High concentrations of signal-blocking cannabinoid receptors throughout the brain may explain why cannabinoids appear to quell seizures. Receptors are similarly dense in regions that control movement, promote appetite and combat nausea, which may explain why marijuana seems to relieve muscle spasticity and boost appetite. Although cannabis has many side effects – dry mouth, bloodshot eyes, inceased appetite, diminished short-term memory, anxiety and impaired reaction time among them – no fatal overdose has ever been reported. That’s likely due to the relative absence of cannabinoid receptors in the brain stem, the region that controls heart rate and breathing.
Some researchers believe that cannabinoids may actually treat cancer itself. In the lab, they stop cells from dividing and slow the spread of cancer cells into nearby tissues. And researchers in Spain and England have shown that cannabinoids can shrink brain tumors in animals. “Our animal work is very convincing indeed,” says Stephen Wright, chief medical officer of GW Pharmaceuticals, a British firm that is developing cannabis-derived drugs. The company is now studying a drug in patients with recurrent brain cancer, Wright says, with results due next year.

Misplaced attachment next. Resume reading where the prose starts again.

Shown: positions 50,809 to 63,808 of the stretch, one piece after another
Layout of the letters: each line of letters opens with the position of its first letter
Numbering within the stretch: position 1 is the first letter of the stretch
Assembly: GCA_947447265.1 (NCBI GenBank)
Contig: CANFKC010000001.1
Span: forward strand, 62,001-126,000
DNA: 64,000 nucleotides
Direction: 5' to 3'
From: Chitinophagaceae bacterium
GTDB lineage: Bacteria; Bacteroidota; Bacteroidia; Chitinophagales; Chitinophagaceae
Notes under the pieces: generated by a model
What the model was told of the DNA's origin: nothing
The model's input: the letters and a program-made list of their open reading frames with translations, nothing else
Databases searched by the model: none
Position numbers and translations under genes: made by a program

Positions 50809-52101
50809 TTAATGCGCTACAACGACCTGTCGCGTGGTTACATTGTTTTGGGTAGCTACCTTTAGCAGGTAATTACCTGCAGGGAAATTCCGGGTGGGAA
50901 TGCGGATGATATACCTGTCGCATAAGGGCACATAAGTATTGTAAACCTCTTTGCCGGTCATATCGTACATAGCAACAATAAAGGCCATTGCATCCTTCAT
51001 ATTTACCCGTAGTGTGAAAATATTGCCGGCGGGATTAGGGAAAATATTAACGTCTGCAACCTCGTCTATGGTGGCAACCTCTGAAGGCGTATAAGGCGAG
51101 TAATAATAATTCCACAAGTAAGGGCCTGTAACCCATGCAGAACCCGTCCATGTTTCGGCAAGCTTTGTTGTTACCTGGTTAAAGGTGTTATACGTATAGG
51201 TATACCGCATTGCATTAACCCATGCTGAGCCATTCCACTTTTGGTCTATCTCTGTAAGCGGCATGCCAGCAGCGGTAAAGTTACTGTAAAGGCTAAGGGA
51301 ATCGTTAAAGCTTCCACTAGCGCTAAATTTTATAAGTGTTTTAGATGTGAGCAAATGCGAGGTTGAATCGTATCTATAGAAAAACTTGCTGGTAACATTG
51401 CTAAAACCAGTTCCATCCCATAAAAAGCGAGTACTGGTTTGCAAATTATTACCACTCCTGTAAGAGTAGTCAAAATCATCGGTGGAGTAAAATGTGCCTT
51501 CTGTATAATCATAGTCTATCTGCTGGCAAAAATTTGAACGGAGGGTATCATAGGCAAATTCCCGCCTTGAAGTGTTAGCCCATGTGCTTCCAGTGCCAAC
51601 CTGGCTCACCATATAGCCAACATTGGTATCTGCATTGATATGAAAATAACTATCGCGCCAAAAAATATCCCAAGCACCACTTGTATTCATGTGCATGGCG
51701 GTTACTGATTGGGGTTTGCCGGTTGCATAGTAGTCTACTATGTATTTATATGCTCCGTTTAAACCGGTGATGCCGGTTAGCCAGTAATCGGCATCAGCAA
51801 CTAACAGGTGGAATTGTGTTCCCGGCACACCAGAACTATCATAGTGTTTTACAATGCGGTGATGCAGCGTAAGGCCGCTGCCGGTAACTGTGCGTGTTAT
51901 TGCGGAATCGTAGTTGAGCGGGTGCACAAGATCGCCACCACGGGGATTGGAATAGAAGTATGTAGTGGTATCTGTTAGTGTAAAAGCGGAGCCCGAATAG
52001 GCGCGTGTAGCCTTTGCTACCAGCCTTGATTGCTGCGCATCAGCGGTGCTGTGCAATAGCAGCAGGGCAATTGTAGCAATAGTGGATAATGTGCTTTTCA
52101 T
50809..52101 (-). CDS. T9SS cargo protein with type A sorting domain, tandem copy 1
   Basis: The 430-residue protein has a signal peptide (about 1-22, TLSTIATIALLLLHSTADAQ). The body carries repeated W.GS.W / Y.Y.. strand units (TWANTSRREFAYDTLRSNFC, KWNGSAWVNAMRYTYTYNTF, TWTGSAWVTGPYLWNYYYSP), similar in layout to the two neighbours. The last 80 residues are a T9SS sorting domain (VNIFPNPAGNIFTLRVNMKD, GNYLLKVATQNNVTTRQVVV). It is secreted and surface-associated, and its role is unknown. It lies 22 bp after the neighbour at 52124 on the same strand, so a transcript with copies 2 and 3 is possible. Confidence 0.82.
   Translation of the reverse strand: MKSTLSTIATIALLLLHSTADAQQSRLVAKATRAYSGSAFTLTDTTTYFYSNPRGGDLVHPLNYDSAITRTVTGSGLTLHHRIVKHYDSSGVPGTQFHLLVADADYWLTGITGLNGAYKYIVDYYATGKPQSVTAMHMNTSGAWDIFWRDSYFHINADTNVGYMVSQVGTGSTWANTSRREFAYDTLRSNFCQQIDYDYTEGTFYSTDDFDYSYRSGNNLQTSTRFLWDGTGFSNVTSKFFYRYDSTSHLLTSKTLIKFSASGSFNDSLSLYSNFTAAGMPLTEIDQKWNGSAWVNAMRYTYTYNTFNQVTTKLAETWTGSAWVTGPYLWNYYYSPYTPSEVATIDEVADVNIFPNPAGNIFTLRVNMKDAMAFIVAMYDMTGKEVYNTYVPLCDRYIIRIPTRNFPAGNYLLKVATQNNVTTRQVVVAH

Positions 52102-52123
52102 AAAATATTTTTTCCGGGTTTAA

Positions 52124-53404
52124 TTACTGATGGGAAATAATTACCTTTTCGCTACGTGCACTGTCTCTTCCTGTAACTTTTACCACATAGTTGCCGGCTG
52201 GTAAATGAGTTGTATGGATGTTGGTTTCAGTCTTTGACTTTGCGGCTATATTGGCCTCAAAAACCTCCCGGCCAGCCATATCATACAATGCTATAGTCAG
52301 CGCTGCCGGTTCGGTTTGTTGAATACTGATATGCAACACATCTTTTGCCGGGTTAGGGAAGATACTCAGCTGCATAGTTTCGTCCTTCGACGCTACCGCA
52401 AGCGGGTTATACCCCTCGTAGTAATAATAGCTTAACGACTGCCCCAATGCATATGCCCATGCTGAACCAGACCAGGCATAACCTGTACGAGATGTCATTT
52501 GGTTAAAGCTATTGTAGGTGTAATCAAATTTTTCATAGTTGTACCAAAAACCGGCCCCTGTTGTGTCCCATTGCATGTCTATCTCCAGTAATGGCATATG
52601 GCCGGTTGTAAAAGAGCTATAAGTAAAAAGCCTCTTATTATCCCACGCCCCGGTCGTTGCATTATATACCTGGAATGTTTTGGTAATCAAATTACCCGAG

Beyond the plant extracts, two drugs that are synthetic versions of THC, Marinol and Cesamet, are available by prescription across the U.S. Both were approved in 1985 to relieve nausea and vomiting in cancer patients. Marinol also has been shown to combat weight loss in people with HIV/AIDS. In addition, GW Pharmaceuticals has three pharmaceutical-grade cannabis medicines, including one, still unnamed, that is being tested in patients with Type 2 diabetes. Sativex, a mix of cannabidiol and THC, is approved in 28 countries for relieving spasticity and is being tested in the U.S. for its ability to relieve cancer pain.
The third drug, Epidiolex, made of cannabidiol only, is being tested in children with severe epilepsy whose seizures haven’t responded to other drugs. Preliminary results in more than 130 children revealed that after 24 weeks of treatment, their average number of seizures had fallen by 45 percent, says neurologist Orrin Devinsky, director of the NYU Langone Comprehensive Epilepsy Center, who is leading the trial. In Colorado, neurologist Edward Maa, chief of the Comprehensive Epilepsy Program at Denver Health Medical Center, is taking advantage of the community using Charlotte’s Web to closely monitor the experience of 150 seizure patients.
Maddie, now 8, is rapidly making the headway she couldn’t when constantly having seizures. “She knows her ABCs now. She knows her colors and her shapes,” says Gorman. “We plan to begin working on sight-words this summer.”